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Ottawa Animation Festival 40th Anniversary Look-Back: ‘Hen, His Wife’

The Ottawa International Animation Festival, North America’s largest and most significant animation event, celebrates its 40th anniversary this year.

In honor of that occasion, the festival has commissioned a number of international animation historians, programmers and critics to write essays about each of its grand prize-winning films. In partnership with the festival, Cartoon Brew will present one essay per week leading up to the festival on September 21-25, 2016. Last week, we started with a look at the 1998 winner The Man Who Planted Trees. Today, we continue with the 1990 winner, Hen, His Wife, directed by Igor Kovalyov.

For more information on attending Ottawa, visit animationfestival.ca.

Ottawa 90 Winner: Hen, His Wife
Essay by Linda Simensky

A man, his wife, and their pet are living what appears to be relatively tranquil domestic life. Upon further examination, we are not quite sure if all is well. Things are starting to break. The “tranquil domestic life” part of this family scene seems a little off. The wife is a giant hen, for starters. The pet is a centipede/slug with a human head. The man is blue and lumpy. Everyone seems a little nervous about something.

As well they should be. A visitor shows up, and reacts with surprise that the wife is a hen. He marches through the apartment, and whispers to the man. The man seems surprised to find out his wife is indeed a hen. Perhaps he hadn’t noticed this? Perhaps he felt everything up until this point was good enough.

The stranger leaves. The man, clearly troubled by this news, enters a dream state and perhaps reconsiders his life. The hen leaves. Things don’t improve, and the man is now clearly lonely.

The hen returns to the apartment. To her shock, the man now has the same chicken feet that she has. That’s not what she wanted, and she’s gone again.

Perhaps the film was to be a reminder that everything might be fine with your life until someone shows up and tells you it’s not. And then it all falls apart.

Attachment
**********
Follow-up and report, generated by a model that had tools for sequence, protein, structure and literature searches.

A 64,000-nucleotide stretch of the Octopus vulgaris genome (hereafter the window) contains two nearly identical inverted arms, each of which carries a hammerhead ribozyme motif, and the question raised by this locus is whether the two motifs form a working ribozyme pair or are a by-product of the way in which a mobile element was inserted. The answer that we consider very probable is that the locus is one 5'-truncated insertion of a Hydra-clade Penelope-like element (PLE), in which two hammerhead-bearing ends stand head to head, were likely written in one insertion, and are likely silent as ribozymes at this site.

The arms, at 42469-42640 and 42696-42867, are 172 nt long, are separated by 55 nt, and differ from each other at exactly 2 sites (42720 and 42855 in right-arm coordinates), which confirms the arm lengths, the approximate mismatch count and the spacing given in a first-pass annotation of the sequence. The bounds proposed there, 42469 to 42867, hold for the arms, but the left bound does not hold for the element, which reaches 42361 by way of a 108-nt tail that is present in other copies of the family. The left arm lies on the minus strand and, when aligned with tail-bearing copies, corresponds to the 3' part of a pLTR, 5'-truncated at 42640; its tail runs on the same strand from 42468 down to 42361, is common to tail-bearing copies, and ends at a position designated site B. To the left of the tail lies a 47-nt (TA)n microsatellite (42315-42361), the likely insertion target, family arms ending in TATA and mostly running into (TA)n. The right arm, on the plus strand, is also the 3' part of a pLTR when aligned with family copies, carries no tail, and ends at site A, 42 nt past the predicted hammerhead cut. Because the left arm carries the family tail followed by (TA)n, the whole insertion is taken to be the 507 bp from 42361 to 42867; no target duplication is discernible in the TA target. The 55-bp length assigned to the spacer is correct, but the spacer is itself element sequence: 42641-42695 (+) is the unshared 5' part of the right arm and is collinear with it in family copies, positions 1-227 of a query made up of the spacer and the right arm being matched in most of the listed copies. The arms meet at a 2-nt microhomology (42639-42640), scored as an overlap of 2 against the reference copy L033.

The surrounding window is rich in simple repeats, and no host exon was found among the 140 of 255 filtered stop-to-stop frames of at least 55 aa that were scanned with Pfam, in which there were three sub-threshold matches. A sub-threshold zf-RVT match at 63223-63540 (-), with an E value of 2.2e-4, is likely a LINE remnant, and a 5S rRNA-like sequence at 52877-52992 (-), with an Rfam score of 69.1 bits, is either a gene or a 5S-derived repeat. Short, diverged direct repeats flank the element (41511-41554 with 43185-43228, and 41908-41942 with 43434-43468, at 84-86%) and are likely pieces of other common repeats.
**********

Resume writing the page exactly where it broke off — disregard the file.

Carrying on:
In 1990, I was deep into writing my master’s thesis on independent animated shorts, and I was looking at the animation of four countries including Russia, which at the time was still part of the Soviet Union. I had watched enough Russian films to know that most Eastern European films were funded by the state, and therefore, virtually every Russian film needed to be an allegory of some sort to make its point. I remember assuming that Hen, His Wife must have been a political film with a much deeper meaning. I waited for a simple explanation of the story. None was forthcoming.

When I first saw this film, I was relatively new to the animation industry, and was developing the earliest animated series at Nickelodeon. My goal was to make Nickelodeon the crossroads between Looney Tunes and independent shorts. I had started to look at every film in terms of its development potential: is this film a cartoon, is it funny, and could this director create a show for Nickelodeon?

Hen, His Wife stumped me. It was clearly an “important film,” an absurdist parable. But without understanding the deeper meaning, all I could think about was how graphically detailed and cartoony the film was. This film was not a dreamlike 20 minutes of paint-on-glass film we were accustomed to from Russia. This film was surrealist Priit Pärn crossed with Yellow Submarine. The visuals and timing made me think we were watching a funny cartoon. The elusive story and the palpable level of angst made it clear it was something else entirely.